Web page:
Automation and Senior Living: A Partnership to Improve Resident Care, Staff Efficiency and Energy Savings

Automation and Senior Living: A Partnership to Improve Resident Care, Staff Efficiency and Energy Savings

 

Senior living communities are discovering how best to tap into technology to improve resident care while realizing a measurable return on investment.

The benefits of automation can range from increased observations to achieving more efficient energy systems. Automating daily resident check-ins is one example of saving over 1,400 staff hours annually – just by eliminating knocking on doors or requiring residents to trigger a daily response.

Communities who take advantage of data-driven automation data with today’s technology can achieve significant cost savings while addressing the challenges of the industry. 

Case Study in Savings #1: Daily Resident Check-Ins

With today’s staffing challenges, senior living operators are faced with how to continue offering high-quality service with an often-overextended staff. Retrofitting for automation could relieve demands on your care team and your hiring budget. 

For example, check-ins are essential for communities to track a resident’s well-being, but the allocation of staff hours to manually conduct this process offers a great opportunity for time and cost savings. 

Instead of staff visiting each apartment, imagine gaining the needed information around-the-clock, with an automated system.

Without requiring personal check-ins from your team or responses from the residents, a community with 150 apartments could realize: 

With an automated check-in system, you no longer must rely on staff time, which is already in short supply – or on the residents to push a button or call in, which often results in low compliance, according to Ashutosh Saxena, CEO of Caspar.AI. Providing technology that increases efficiency while improving resident care, Caspar’s non-intrusive monitoring system uses passive sensors, not cameras, to detect who might need attention and provides staff with actionable data within minutes.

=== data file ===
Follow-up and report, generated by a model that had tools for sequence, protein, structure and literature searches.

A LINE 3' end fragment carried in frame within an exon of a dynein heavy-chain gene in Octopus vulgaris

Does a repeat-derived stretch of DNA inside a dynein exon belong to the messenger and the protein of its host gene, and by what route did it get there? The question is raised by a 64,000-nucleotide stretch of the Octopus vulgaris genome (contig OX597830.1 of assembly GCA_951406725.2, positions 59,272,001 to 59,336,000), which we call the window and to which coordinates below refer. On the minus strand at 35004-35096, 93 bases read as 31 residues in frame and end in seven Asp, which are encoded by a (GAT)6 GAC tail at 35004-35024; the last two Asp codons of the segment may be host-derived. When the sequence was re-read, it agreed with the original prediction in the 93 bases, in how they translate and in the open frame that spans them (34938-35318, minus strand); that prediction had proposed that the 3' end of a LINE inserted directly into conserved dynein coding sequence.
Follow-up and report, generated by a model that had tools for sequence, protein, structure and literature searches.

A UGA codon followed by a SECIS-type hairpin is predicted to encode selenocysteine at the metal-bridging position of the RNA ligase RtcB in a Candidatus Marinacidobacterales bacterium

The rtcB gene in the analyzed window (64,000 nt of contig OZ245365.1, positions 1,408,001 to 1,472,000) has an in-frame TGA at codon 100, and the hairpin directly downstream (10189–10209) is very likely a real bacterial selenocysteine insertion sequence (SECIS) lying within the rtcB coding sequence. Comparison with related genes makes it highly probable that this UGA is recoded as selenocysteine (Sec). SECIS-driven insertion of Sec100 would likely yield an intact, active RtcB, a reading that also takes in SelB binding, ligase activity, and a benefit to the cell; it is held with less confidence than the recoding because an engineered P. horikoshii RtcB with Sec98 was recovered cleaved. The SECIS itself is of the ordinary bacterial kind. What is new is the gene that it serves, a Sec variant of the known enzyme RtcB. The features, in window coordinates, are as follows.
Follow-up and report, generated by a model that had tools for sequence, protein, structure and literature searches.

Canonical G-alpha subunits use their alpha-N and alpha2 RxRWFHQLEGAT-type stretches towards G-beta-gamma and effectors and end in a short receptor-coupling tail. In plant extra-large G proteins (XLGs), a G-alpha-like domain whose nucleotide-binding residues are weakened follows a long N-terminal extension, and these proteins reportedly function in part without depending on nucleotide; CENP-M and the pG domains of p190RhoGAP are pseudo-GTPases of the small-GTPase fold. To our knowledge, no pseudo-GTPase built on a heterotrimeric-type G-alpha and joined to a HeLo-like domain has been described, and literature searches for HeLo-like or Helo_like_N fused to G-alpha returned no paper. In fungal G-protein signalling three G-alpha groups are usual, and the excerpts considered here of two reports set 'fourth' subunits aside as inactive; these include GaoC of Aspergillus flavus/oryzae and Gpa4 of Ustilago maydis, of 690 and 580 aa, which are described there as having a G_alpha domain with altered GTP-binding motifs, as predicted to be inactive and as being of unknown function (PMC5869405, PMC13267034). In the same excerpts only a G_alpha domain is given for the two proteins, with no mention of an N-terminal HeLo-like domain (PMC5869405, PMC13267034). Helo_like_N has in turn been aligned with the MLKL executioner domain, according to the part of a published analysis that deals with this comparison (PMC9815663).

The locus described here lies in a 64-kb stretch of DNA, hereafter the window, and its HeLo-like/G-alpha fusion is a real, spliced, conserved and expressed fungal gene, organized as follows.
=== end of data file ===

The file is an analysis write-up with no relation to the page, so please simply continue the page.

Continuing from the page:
Senior living resident check-ins were requiring three to four hours daily on average, according to Michael Chong, Chief Information Officer with Arcadia Family of Companies, who are currently putting this technology to use. “Now that we’re leveraging Caspar’s capabilities, we’re not only saving money but can more effectively plan for staffing needs.”

Case Study in Savings #2: Reduced Utility Costs

Energy-efficient practices are standard in today’s design and build phases of development, but there are still possibilities for existing communities to capture significant savings. In fact, two key line items in your operating budget – staffing and utilities – provide great opportunities for potential savings.

Utilities are the third highest operating expense for senior living communities, according to the joint efforts of Argentum and Energy Star’s report: Efficiency Through Energy Star – a toolkit to help senior living communities optimize energy usage and costs. 

Heating and cooling are often the largest expenditures, but everyone pays when the neighbor sets the thermostat at 90 degrees or leaves the lights on when the apartment will be empty for the afternoon.